# Dealing with stateful services

• First of all, you need to make sure that the data files are on a volume

• Volumes are host directories that are mounted to the container's filesystem

• These host directories can be backed by the ordinary, plain host filesystem ...

• ... Or by distributed/networked filesystems

• In the latter scenario, in case of node failure, the data is safe elsewhere ...

• ... And the container can be restarted on another node without data loss

## Building a stateful service experiment

• We will use Redis for this example

• We will expose it on port 10000 to access it easily

• Start the Redis service:

docker service create --name stateful -p 10000:6379 redis

• Check that we can connect to it:

docker run --net host --rm redis redis-cli -p 10000 info server


## Accessing our Redis service easily

• Typing that whole command is going to be tedious
• Define a shell alias to make our lives easier:

alias redis='docker run --net host --rm redis redis-cli -p 10000'

• Try it:

redis info server


## Basic Redis commands

• Check that the foo key doesn't exist:

redis get foo

• Set it to bar:

redis set foo bar

• Check that it exists now:

redis get foo


## Local volumes vs. global volumes

• Global volumes exist in a single namespace

• A global volume can be mounted on any node (bar some restrictions specific to the volume driver in use; e.g. using an EBS-backed volume on a GCE/EC2 mixed cluster)

• Attaching a global volume to a container allows to start the container anywhere
(and retain its data wherever you start it!)

• Global volumes require extra plugins (Flocker, Portworx...)

• Docker doesn't come with a default global volume driver at this point

• Therefore, we will fall back on local volumes

## Local volumes

• We will use the default volume driver, local

• As the name implies, the local volume driver manages local volumes

• Since local volumes are (duh!) local, we need to pin our container to a specific host

• We will do that with a constraint

• Add a placement constraint to our service:
docker service update stateful --constraint-add node.hostname==\$HOSTNAME


## Where is our data?

• If we look for our foo key, it's gone!
• Check the foo key:

redis get foo

• Adding a constraint caused the service to be redeployed:

docker service ps stateful


Note: even if the constraint ends up being a no-op (i.e. not moving the service), the service gets redeployed. This ensures consistent behavior.

## Setting the key again

• Since our database was wiped out, let's populate it again
• Set foo again:

redis set foo bar

• Check that it's there:

redis get foo


## Updating a service recreates its containers

• Let's try to make a trivial update to the service and see what happens
• Set a memory limit to our Redis service:

docker service update stateful --limit-memory 100M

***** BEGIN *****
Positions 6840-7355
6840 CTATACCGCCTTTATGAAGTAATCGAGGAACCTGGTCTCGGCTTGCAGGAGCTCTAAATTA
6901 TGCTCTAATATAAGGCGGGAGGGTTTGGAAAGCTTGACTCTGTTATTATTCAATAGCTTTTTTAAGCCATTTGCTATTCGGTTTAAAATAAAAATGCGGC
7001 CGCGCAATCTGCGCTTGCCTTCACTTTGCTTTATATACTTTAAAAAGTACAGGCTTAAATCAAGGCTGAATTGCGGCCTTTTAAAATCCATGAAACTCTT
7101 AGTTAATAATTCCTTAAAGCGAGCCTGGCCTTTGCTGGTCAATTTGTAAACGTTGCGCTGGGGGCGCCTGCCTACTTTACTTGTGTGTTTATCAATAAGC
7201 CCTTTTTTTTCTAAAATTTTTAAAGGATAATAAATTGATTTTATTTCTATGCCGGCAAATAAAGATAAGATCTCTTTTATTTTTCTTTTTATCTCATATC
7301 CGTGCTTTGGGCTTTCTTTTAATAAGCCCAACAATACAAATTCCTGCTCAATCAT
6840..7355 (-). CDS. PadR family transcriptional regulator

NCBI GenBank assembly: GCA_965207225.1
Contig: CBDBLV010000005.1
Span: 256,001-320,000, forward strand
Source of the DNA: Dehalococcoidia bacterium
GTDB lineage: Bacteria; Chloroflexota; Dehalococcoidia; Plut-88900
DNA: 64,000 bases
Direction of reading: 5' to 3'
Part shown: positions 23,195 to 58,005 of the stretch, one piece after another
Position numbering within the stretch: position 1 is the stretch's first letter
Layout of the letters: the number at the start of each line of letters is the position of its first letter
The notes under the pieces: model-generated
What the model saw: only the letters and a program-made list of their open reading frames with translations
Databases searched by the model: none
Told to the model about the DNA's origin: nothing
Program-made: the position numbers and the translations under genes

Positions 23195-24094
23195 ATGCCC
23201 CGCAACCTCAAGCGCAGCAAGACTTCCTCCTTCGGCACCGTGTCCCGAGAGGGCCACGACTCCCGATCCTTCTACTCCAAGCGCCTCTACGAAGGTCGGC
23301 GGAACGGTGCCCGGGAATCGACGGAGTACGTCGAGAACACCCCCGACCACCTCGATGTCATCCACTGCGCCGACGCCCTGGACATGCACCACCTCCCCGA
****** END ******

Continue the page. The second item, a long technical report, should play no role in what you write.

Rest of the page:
• Try to get the foo key one more time:

redis get foo


The key is blank again!

## Service volumes are ephemeral by default

• Let's highlight what's going on with volumes!
• Check the current list of volumes:

docker volume ls

• Carry a minor update to our Redis service:

docker service update stateful --limit-memory 200M


Again: all changes trigger the creation of a new task, and therefore a replacement of the existing container; even when it is not strictly technically necessary.

## The data is gone again

• What happened to our data?
• The list of volumes is slightly different:
docker volume ls


(You should see one extra volume.)

## Assigning a persistent volume to the container

• Let's add an explicit volume mount to our service, referencing a named volume
• Update the service with a volume mount:

  docker service update stateful \

• Check the new volume list:

docker volume ls


Note: the local volume driver automatically creates volumes.

## Checking that data is now persisted correctly

• Store something in the foo key:

redis set foo barbar

• Update the service with yet another trivial change:

docker service update stateful --limit-memory 300M

• Check that foo is still set:

redis get foo


## Recap

• The service must commit its state to disk when being shutdown.red[*]

(Shutdown = being sent a TERM signal)

• The state must be written on files located on a volume

• That volume must be specified to be persistent

• If using a local volume, the service must also be pinned to a specific node

(And losing that node means losing the data, unless there are other backups)

.red[*]If you customize Redis configuration, make sure you persist data correctly!
It's easy to make that mistake — Trust me!]

## Cleaning up

• Remove the stateful service:

docker service rm stateful

• Remove the associated volume:

docker volume rm foobarstore


Note: we could keep the volume around if we wanted.

## Should I run stateful services in containers?

Depending whom you ask, they'll tell you:

• certainly not, heathen!

• we've been running a few thousands PostgreSQL instances in containers ...
for a few years now ... in production ... is that bad?

• what's a container?

Perhaps a better question would be:

"Should I run stateful services?"

• is it critical for my business?